Abstract Title

Victim/Perpetrator Gender Dyads and the Risk of PTSD and SUD Comorbidity

Abstract

Sexual assault preceding comorbid Post-Traumatic Stress Disorder (PTSD) and Substance Use Disorders (SUDs) has been widely established, but the nuanced influences of the gender of the victim and perpetrator bare further examination. This study sought to examine which victim/perpetrator gender dyad (female/male, female/female, male/female, male/male) leads to a greater risk of comorbidity of PTSD and SUD. Men are more likely to have an SUD, but women are more likely to turn to substances because of trauma (Nida, 2016; Truchman, 2010). While many other factors play into the development of PTSD/SUD comorbidity, research suggests that that sexual trauma is an especially high-risk factor (Dworkin et al., 2017). The most common victimization dyad is female victims with male preparators (female/male dyad) (Dube et al., 2005). Thus, the study hypothesized that female victims with male perpetrators (the female/male dyad) would exhibit the highest PTSD/SUD comorbidity.

Potential participants were recruited from the ADM Crisis Center in Summit County, Ohio. The center offers detoxification to patients presenting with an SUD upon admission, and more than half of our sample also met diagnostic criteria for comorbid-PTSD. Participants were administered questionnaires, including the PCL (PTSD screen), ASSIST (SUD inventory), and SES-SFV (sexual trauma inventory) to gather data. Data is in the process of being analyzed, and will be presented at the poster presentation.

Modified Abstract

This study sought to examine which victim/perpetrator gender dyad (female/male, female/female, male/female, male/male) leads to a greater risk of comorbidity of PTSD and SUD following a sexual assault. Research suggests that that sexual trauma is an especially high-risk factor (Dworkin et al., 2017). The most common victimization dyad is female victims with male preparators (female/male dyad) (Dube et al., 2005). Thus, the study hypothesized that female victims with male perpetrators (the female/male dyad) would exhibit the highest PTSD/SUD comorbidity.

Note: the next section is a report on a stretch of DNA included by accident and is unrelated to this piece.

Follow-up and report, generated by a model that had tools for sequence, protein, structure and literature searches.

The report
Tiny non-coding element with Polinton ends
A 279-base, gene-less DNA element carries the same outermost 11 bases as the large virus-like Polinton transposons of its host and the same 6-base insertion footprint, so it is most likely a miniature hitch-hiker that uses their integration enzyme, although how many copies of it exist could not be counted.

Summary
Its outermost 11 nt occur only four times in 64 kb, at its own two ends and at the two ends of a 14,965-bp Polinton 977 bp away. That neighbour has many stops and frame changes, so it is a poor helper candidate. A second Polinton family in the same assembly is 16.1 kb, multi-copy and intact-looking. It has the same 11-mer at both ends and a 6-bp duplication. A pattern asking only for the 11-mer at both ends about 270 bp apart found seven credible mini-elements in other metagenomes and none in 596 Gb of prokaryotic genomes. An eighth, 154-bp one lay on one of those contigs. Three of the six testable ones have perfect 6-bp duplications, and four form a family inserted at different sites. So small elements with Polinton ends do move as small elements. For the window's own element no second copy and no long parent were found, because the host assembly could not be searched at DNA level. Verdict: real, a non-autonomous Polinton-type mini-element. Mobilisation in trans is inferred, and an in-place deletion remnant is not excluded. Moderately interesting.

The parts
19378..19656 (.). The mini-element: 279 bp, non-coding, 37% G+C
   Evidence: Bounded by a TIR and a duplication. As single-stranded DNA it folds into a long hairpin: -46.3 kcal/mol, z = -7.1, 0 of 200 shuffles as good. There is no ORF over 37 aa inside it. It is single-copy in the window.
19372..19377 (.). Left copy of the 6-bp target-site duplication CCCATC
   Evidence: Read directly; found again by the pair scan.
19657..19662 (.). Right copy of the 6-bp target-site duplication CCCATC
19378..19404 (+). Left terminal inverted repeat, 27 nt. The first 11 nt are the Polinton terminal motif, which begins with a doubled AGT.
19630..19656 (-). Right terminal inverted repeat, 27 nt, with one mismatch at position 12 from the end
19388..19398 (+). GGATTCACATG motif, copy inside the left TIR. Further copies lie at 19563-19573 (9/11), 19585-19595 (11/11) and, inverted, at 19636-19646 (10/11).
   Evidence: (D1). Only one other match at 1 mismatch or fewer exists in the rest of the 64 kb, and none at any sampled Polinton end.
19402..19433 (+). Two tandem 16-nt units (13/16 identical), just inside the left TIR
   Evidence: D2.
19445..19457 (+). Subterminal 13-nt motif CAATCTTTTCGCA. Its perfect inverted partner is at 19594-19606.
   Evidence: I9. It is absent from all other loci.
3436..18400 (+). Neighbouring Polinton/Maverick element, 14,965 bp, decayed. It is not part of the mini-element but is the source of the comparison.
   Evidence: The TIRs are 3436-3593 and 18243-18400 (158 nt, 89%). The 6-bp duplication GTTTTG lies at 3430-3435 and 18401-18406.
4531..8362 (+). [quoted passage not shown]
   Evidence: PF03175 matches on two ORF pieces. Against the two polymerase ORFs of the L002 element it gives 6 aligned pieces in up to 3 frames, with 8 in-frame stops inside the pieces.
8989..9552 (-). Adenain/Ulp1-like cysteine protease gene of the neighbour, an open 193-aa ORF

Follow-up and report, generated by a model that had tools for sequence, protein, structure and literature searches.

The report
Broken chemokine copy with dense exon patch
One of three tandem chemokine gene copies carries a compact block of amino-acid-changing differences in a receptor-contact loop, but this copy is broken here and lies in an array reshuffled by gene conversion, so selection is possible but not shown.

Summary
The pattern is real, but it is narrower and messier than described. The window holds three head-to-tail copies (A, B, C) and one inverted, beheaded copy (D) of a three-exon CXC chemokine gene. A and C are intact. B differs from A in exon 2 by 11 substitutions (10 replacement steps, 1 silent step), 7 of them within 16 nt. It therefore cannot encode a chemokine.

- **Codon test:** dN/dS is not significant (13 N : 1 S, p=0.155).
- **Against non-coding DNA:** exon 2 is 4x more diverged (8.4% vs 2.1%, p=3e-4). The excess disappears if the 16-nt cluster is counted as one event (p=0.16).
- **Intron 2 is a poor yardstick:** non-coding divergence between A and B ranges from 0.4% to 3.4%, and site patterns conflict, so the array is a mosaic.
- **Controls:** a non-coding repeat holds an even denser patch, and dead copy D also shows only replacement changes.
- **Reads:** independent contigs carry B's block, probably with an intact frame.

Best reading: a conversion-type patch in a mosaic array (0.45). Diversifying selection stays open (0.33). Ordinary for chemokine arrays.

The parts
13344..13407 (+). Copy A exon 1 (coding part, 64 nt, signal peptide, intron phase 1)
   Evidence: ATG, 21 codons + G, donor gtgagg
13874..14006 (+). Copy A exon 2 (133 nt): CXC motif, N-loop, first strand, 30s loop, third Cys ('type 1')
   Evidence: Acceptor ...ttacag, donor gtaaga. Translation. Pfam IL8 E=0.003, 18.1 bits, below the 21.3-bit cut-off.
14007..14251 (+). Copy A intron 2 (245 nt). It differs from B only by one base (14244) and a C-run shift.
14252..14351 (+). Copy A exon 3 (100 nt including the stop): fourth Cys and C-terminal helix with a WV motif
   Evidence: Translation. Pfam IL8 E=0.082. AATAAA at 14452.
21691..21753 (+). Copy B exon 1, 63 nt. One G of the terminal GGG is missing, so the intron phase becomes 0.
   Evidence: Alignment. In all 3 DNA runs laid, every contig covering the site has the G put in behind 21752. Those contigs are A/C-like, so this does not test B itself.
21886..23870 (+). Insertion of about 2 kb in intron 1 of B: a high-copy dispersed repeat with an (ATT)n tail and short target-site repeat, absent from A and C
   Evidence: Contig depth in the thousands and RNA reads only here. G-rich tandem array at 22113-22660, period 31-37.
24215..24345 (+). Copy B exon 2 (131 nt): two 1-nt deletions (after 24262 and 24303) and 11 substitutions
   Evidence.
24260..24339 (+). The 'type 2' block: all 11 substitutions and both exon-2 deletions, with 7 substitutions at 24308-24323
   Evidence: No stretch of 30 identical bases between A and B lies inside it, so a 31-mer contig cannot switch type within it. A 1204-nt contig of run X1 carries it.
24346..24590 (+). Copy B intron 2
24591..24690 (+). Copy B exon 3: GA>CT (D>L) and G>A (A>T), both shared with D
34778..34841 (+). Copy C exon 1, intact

Potential participants were recruited from the ADM Crisis Center in Summit County, Ohio. Participants were administered questionnaires, including the PCL (PTSD screen), ASSIST (SUD inventory), and SES-SFV (sexual trauma inventory).

Research Category

Psychology

Author Information

Inola HoweFollow

Primary Author's Major

Psychology

Mentor #1 Information

Ms. Angela Junglen

Mentor #2 Information

Ms. Monica Garcia

Mentor #3 Information

Ms. Anna Wise

Mentor #4 Information

Dr. Douglas Delahanty

Presentation Format

Poster

Start Date

5-4-2018 1:00 PM

Research Area

Clinical Psychology | Psychiatric and Mental Health | Psychological Phenomena and Processes | Substance Abuse and Addiction

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Apr 5th, 1:00 PM

Victim/Perpetrator Gender Dyads and the Risk of PTSD and SUD Comorbidity

Sexual assault preceding comorbid Post-Traumatic Stress Disorder (PTSD) and Substance Use Disorders (SUDs) has been widely established, but the nuanced influences of the gender of the victim and perpetrator bare further examination. This study sought to examine which victim/perpetrator gender dyad (female/male, female/female, male/female, male/male) leads to a greater risk of comorbidity of PTSD and SUD. Men are more likely to have an SUD, but women are more likely to turn to substances because of trauma (Nida, 2016; Truchman, 2010). While many other factors play into the development of PTSD/SUD comorbidity, research suggests that that sexual trauma is an especially high-risk factor (Dworkin et al., 2017). The most common victimization dyad is female victims with male preparators (female/male dyad) (Dube et al., 2005). Thus, the study hypothesized that female victims with male perpetrators (the female/male dyad) would exhibit the highest PTSD/SUD comorbidity.

Potential participants were recruited from the ADM Crisis Center in Summit County, Ohio. The center offers detoxification to patients presenting with an SUD upon admission, and more than half of our sample also met diagnostic criteria for comorbid-PTSD. Participants were administered questionnaires, including the PCL (PTSD screen), ASSIST (SUD inventory), and SES-SFV (sexual trauma inventory) to gather data. Data is in the process of being analyzed, and will be presented at the poster presentation.